Rediscovering Mozart at SAW

in Blog

28 March 2010

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JG and Tychonas Michailidis present a paper entitled “Rediscovering Mozart: motion capture technology in contemporary music practice” at the Sonic Arts in Wales Electroacoustic Symposium 2010.

Abstract

New music with motion capture apparatus in performance is similar in many ways to the late-18th Century concert culture of Vienna: unconventional venues, new developments in instrument design, improvisation and social rituals are not as dissimilar between the two periods as they might first appear.

The advent of affordable, accurate motion capture technologies present the composer of today with a number of challenges. Firstly, the composer must construct a conceptual system for the flow of motion capture data that is comprehensible to an audience. Secondly, such a system is inevitably a one-off and as such often requires the composer himself to operate the apparatus. And thirdly, there no satisfactory system of notation for physical gestures.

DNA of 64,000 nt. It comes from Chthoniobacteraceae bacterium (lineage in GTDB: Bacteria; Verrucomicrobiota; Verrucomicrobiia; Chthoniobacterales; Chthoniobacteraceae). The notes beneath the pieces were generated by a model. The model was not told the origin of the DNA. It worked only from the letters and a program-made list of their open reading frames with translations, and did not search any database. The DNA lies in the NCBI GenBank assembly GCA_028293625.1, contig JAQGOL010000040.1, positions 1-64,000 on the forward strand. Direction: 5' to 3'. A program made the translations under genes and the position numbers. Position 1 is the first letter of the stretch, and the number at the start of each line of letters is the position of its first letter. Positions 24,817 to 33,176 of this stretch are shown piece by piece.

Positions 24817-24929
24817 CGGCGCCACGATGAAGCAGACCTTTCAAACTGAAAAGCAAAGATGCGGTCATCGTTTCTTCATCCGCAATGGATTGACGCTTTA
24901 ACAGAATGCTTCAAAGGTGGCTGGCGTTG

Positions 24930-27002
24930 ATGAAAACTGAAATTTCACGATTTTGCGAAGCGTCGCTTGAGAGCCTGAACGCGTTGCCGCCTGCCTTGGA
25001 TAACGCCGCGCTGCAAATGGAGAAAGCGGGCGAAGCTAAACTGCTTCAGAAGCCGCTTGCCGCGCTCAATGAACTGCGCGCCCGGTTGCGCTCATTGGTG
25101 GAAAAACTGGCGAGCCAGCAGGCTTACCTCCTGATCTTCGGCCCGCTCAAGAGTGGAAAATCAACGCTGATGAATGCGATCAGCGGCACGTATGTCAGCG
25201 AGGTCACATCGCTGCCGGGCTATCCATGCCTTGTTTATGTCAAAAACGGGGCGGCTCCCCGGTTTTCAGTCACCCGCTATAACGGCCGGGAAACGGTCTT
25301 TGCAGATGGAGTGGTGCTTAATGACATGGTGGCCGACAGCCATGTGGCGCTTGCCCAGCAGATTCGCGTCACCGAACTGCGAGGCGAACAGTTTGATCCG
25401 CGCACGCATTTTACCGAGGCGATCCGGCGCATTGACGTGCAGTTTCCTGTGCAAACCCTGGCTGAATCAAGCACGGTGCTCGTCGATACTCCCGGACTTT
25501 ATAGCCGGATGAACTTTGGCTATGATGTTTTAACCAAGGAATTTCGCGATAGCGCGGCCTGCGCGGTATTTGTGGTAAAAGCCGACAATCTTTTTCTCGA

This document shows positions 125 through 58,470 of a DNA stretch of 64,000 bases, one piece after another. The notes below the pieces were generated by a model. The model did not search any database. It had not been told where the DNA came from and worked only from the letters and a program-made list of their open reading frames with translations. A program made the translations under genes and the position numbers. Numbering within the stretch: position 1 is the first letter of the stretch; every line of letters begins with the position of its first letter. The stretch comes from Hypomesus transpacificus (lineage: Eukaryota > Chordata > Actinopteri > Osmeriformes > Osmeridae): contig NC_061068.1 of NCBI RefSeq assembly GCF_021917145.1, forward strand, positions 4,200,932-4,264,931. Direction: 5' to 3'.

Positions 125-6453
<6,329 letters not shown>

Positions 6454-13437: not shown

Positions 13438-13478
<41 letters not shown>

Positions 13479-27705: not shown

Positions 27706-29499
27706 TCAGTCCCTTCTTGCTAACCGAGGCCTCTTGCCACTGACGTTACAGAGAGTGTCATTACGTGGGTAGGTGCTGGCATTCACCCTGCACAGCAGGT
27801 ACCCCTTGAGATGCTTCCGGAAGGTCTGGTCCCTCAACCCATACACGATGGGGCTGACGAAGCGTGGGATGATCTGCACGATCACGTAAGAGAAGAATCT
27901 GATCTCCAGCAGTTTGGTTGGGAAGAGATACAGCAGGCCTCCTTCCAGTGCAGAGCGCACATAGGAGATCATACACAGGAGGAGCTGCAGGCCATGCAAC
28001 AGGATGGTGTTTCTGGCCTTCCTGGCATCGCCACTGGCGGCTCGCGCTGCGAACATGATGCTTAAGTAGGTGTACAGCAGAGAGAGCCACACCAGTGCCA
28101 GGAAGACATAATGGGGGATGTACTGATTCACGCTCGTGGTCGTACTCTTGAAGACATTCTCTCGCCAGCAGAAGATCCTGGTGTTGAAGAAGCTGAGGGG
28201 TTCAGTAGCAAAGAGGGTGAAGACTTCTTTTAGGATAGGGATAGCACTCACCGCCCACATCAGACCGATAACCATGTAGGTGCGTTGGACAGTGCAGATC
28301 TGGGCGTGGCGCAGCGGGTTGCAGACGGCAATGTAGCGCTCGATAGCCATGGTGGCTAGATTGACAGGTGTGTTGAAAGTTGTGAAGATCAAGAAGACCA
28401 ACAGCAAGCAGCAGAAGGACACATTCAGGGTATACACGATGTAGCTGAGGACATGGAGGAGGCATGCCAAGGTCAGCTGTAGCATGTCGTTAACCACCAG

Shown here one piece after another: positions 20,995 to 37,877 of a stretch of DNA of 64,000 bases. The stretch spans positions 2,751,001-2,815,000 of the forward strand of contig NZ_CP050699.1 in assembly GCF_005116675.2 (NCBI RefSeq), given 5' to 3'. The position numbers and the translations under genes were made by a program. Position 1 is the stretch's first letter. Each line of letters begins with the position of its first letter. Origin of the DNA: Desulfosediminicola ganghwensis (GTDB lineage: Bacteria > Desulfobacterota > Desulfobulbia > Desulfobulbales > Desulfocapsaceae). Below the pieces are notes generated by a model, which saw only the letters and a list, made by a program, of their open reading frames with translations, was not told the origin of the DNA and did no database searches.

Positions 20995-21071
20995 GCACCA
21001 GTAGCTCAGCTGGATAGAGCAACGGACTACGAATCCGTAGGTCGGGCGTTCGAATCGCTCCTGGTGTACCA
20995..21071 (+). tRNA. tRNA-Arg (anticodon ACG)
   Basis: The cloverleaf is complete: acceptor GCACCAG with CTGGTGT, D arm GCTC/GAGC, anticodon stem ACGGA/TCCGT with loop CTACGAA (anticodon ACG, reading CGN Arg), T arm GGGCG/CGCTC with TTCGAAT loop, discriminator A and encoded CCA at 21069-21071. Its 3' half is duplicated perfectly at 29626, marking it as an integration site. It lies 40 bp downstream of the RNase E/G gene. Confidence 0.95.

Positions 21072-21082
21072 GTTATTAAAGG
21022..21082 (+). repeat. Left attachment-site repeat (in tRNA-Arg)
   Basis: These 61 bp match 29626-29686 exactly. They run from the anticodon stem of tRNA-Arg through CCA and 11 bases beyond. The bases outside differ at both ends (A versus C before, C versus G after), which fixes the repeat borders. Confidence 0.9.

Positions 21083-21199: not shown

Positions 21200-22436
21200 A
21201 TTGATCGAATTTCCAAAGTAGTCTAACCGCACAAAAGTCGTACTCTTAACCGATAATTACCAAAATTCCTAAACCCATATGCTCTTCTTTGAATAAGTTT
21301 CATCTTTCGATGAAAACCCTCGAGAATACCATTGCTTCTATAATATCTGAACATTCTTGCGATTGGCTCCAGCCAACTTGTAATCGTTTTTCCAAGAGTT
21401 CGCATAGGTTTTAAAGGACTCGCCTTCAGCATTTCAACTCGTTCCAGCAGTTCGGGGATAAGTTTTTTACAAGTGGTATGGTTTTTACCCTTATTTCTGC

This presentation will address the above issues by proposing a new model of contemporary music practice utilising new technologies. We will argue that the existing compositional approach often employed in western art music can no longer support works that incorporate new technologies. We suggest an experimental-historical approach in which the performer interprets the bespoke electronic instruments as the prescriptive musical score and that a performance is merely a navigation through the composed sonic possibilities of a particular instrument design. Thus composition becomes instrument design, and performance becomes improvisation. This paradigm shift dissolves traditional role allocation in such a way that we hope can sustain musical works that incorporate contemporary technologies more effectively.

We give practical examples of existing motion-capture-based works and offer observations and suggestions addressing the above issues of sustainability, performance practice and notation with reference to works of previous periods of technological change.

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